Tuesday, November 25, 2008

Cluturing Yeast Pt 2

As promised, here's some more on the latest steps in my yeast culturing project... We left off with a petri dish streaked with yeast from my slurry. Here's what it looks like now:

The next high-level steps are to:

1) Prepare 10ml starters

2) Innoculate those starters with single colonies from the petri dish

Equipment (in addition to what was used in the previous steps):

1) 10ml test tubes - I prepared three starters

2) Airlocks - I treated myself and got some of the fancy glass ones so that I could sterilize them in the canner if needed

3) Drilled stoppers - I was unable to find drilled stoppers that fit test tubes and would accept an airlock, so I was forced to take matters into my own hands. I took stoppers that fit the test tubes and drilled them myself. It's a huge help to have a drill press handy when doing this.

4) Autoclavable test tube rack - Mine has turned out to be not so autoclavable

5) 10ml pipette

6) Prepared sanitizing solution - Use this to fill the airlocks. I just use my handy spray bottle of Star San.

7) Olive oil and a tooth pick.


1) Prepare the starters - Using the same 10brix wort (with a dash each of Five Star 5.2 and yeast nutrient, no agar this time) and the pipette, fill each test tube with 10ml of starter wort. Also at this time, I dip the tooth pick in the olive oil, and put a tiny drop in each of the test tubes. I won't get into that in this space, but here's the rationale behind it (the fatty acids in the olive oil are a substitute for aeration of the wort). Put the stoppers and airlocks in. Fill the airlocks with sanitizer. Presumably you've already got the test tubes in the rack.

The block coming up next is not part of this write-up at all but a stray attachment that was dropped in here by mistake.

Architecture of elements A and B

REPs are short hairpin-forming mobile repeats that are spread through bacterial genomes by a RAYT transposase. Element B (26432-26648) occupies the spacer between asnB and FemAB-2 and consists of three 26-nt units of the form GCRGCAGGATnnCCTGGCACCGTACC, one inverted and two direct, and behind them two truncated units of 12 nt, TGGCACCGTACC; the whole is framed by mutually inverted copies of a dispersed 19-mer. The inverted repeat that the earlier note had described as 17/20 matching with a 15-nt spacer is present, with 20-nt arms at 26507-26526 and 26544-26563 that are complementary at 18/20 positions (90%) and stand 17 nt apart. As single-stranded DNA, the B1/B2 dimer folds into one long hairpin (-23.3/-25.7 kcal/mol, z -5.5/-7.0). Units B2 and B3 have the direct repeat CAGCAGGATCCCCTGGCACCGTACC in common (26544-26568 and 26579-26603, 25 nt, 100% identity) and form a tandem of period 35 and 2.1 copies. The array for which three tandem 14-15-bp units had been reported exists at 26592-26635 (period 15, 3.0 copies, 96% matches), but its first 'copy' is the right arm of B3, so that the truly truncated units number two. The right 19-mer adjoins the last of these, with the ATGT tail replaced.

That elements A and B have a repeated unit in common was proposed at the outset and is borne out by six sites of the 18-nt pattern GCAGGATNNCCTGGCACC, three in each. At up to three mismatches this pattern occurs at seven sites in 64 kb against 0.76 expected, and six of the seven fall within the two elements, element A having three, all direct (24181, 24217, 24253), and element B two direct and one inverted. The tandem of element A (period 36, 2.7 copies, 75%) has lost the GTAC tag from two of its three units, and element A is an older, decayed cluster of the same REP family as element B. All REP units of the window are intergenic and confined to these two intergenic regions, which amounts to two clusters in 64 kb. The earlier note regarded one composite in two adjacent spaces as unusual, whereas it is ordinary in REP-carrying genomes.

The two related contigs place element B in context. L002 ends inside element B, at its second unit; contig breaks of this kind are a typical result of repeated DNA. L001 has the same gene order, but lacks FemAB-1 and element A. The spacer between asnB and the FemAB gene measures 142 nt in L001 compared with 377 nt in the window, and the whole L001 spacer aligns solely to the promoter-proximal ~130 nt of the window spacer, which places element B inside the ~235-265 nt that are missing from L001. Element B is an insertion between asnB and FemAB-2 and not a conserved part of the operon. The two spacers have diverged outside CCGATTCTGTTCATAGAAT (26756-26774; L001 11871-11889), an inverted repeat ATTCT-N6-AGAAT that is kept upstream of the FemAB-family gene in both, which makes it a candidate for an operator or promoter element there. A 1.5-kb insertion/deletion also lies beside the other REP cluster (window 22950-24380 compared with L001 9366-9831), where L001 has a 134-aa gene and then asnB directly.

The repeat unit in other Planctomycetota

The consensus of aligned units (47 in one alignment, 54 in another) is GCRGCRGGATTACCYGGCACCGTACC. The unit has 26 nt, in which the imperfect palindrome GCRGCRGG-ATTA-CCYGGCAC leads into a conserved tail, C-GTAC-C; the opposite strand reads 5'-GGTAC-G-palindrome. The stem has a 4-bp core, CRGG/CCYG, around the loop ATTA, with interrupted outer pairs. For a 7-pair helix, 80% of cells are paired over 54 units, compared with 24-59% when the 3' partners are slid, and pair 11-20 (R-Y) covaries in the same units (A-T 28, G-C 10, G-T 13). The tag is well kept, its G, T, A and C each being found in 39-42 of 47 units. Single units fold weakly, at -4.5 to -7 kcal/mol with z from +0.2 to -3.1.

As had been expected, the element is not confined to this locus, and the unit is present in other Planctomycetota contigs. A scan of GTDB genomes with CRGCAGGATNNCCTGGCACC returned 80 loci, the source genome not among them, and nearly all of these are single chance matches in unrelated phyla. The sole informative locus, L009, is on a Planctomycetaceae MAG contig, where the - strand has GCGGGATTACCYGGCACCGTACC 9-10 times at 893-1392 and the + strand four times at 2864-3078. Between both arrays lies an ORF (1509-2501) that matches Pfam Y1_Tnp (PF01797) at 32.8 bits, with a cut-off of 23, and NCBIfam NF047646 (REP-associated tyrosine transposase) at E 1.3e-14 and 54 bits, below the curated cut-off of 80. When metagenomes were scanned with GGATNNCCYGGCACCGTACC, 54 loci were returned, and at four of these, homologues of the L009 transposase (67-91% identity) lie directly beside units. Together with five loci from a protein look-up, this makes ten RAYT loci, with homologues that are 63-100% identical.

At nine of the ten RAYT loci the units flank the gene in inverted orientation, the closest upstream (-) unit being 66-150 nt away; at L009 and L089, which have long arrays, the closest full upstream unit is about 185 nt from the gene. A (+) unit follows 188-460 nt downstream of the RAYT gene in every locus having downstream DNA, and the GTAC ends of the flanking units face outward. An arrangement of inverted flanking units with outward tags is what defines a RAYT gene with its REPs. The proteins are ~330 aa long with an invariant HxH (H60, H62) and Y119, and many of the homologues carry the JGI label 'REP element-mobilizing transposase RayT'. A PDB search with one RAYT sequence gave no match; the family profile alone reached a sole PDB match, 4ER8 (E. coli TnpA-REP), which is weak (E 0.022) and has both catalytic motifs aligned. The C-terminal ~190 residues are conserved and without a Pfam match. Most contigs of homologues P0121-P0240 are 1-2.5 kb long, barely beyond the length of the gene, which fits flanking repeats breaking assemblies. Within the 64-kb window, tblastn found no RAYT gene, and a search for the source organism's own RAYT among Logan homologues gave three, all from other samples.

2) Sterilize the starters - This is a basic water bath procedure. Place the rack with the starters in your stainless steel sauce pan. Add enough water to the bottom to come about 1/3 of the way up the test tubes. Heat the water to a simmer. Wait for the starters to come up to a simmer and then give them about 10 minutes. Take off of the heat and allow them to cool to room temperature. Now you've got yourself some sterile 10ml starters. Note: at the same time that I'm doing this, I also like to prepare my sterile distilled water for cooling the innoculating loop. Put some distilled water in a small pyrex flask, cover with foil, and let it serilize in the sauce pan next to the rack.

3) Innoculate the starters - Take the starters to the clean, draft free area where your petri dish is hanging out. Put on your dust mask to contain your disgusting germs. Flame and cool your innoculating loop. Open up the petri dish. Quickly grab a small colony from the center of the petri dish with the innoculating loop, quickly open one of the starters, and quickly add the colony to the starter. Quickly put the stopper and airlock back in the starter. Did I mention that you should act quickly? Quickly repeat until all starters are innoculated.

4) Wait - Let your starters culture up in a clean, draft free room temperature environment. You should see activity within a day or two.

Next steps... Once these starters have finshed we'll repeat the above steps with 100ml starters, innoculating them with the 10ml starters.

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